Let us take the example of the noises. Those in hiding, we are told, must not make the least sound. This is so much so that, if they cough, they quickly take codeine. The "enemies" could hear them. The walls are that "thin" (25 March 1943). Those "enemies" are very numerous: Lewin, who "knows the whole building well" (1 October 1942), the men from the store, the customers, the deliverymen, the agent, the cleaning woman, the night watchman Slagter, the plumbers, the "health service," the accountant, the police who conduct their searches of the premises, the neighbors both near and far, the owner, etc. It is therefore unlikely and inconceivable that Mrs. Van Daan had the habit of using the vacuum cleaner each day at 12:30 pm (5 August 1943). The vacuum cleaners of that era were, moreover, particularly noisy. I ask: "How is that conceivable?" My question is not purely formal. It is not rhetorical. Its purpose is not to show astonishment. My question is a question. It is necessary to respond to it. That question could be followed with forty other questions concerning noises. It is necessary to explain, for example, the use of an alarm clock (4 August 1943). It is necessary to explain the noisy carpentry work: the removal of a wooden step, the transformation of a door into a swinging cupboard (21 August 1942), the making of a wooden candlestick (7 December 1942). Peter splits wood in the attic in front of the open window (23 February 1944). It involved building with the wood from the attic "a few little cupboards and other odds and ends" (11 July 1942). It even involved constructing in the attic "a little compartment" for working (13 July 1943). There is a nearly constant noise from the radio, from the slammed doors, from the "resounding peal" (6 December 1943), the arguments, the shouts, the yelling, a "noise that was enough to awaken the dead." (9 November 1942). "A great din and disturbance followed I was doubled up with laughter" (10 May 1944). The episode reported on 2 September 1942 is irreconcilable with the necessity of being silent and cautious. There we see those in hiding at dinner. They chatter and laugh. Suddenly, a piercing whistle is heard. And they hear the voice of Peter who shouts through the stove pipe that he will certainly not come down. Mr. Van Daan gets up, his napkin falls and, his face flushed, he shouts: "I've had enough of this." He goes up to the attic and there, resistance and the stamping of feet.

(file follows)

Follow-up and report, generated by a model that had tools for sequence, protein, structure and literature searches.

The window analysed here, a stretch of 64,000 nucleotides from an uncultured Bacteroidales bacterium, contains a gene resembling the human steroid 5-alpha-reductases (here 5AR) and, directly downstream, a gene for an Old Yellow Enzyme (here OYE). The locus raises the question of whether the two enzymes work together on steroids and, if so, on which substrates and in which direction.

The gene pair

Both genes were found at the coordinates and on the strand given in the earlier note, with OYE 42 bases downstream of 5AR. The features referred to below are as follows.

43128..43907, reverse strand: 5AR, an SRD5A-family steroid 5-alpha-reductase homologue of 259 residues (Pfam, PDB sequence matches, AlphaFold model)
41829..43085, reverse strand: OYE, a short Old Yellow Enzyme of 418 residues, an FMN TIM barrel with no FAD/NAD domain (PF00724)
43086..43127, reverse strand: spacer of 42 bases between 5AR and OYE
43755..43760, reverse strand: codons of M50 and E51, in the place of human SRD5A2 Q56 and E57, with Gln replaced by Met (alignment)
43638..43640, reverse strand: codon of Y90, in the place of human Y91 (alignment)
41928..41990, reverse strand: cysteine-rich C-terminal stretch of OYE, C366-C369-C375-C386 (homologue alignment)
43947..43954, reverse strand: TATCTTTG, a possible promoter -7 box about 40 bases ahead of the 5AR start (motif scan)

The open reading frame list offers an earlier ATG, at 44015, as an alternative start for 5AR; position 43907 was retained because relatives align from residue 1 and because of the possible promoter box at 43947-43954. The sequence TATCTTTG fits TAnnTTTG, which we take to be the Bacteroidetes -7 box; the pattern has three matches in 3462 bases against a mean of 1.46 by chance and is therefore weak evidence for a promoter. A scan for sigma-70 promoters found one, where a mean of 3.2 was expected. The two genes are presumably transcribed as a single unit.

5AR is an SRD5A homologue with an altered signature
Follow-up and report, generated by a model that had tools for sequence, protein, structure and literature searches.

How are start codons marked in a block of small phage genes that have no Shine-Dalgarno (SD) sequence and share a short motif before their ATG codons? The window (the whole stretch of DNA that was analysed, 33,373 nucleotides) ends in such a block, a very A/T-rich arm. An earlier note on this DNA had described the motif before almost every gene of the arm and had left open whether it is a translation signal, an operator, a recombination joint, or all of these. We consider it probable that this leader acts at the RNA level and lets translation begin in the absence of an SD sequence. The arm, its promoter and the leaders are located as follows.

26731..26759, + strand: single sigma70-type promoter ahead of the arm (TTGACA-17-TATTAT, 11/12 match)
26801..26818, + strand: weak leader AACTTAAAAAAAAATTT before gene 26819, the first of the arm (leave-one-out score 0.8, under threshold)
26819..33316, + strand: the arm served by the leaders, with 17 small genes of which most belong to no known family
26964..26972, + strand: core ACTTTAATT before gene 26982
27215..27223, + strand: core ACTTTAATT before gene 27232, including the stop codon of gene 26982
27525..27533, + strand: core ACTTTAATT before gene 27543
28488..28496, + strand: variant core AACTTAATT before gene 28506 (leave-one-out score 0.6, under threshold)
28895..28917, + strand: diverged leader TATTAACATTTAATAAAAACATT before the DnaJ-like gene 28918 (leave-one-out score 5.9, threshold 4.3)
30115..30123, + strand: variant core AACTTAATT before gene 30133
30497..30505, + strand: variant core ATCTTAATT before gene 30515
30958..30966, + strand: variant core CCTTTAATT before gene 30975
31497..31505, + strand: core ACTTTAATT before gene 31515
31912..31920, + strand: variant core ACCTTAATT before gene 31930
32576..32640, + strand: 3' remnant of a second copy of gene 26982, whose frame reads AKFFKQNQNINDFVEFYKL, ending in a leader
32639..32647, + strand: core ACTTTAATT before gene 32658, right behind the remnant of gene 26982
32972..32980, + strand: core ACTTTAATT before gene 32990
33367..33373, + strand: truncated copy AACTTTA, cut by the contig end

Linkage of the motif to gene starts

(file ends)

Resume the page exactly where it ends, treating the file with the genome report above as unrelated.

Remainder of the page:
The remarks that I am making here in regard to noises I could repeat in regard to all of the realities of physical and mental life. The Diary even presents the peculiarity that not one aspect of the life that is lived there avoids being either unlikely, incoherent, or absurd. At the time of their arrival in their hiding place, the Franks install some curtains to hide their presence. But, to install curtains at windows which did not have them up until then, is that not the best means of drawing attention to one's arrival? Is that not particularly the case if those curtains are made of pieces of "all different shapes, quality and pattern" (11 July 1942)? In order not to betray their presence, the Franks burn their refuse. But in doing this they call attention to their presence by the smoke that escapes from the roof of a building that is supposed to be uninhabited! They make a fire for the first time on 30 October 1942, although they arrived in that place on 6 July. One asks oneself what they could have done with their refuse for the 116 days of the summer. I recall, on the other hand, that the deliveries of food are enormous. In normal conditions, the persons in hiding and their guests each day consume eight breakfasts, eight to twelve lunches and eight dinners. In nine passages of the book they allude to bad or mediocre or insufficient food. Otherwise the food is abundant and "delicious." Mr. Van Daan "takes a lot of everything" and Dussel takes "enormous helpings" of food (9 August 1943) . On the spot they make wet and dry sausages, strawberry jam, and preserves in jars. Brandy or alcohol, cognac, wines, and cigarettes do not seem to be lacking either. Coffee is so common that one does not understand why the author, enumerating (23 July 1943) what each would wish to do on the day when they would be able to leave that hiding place, says that Mrs. Frank's fondest wish would be to have a cup of coffee.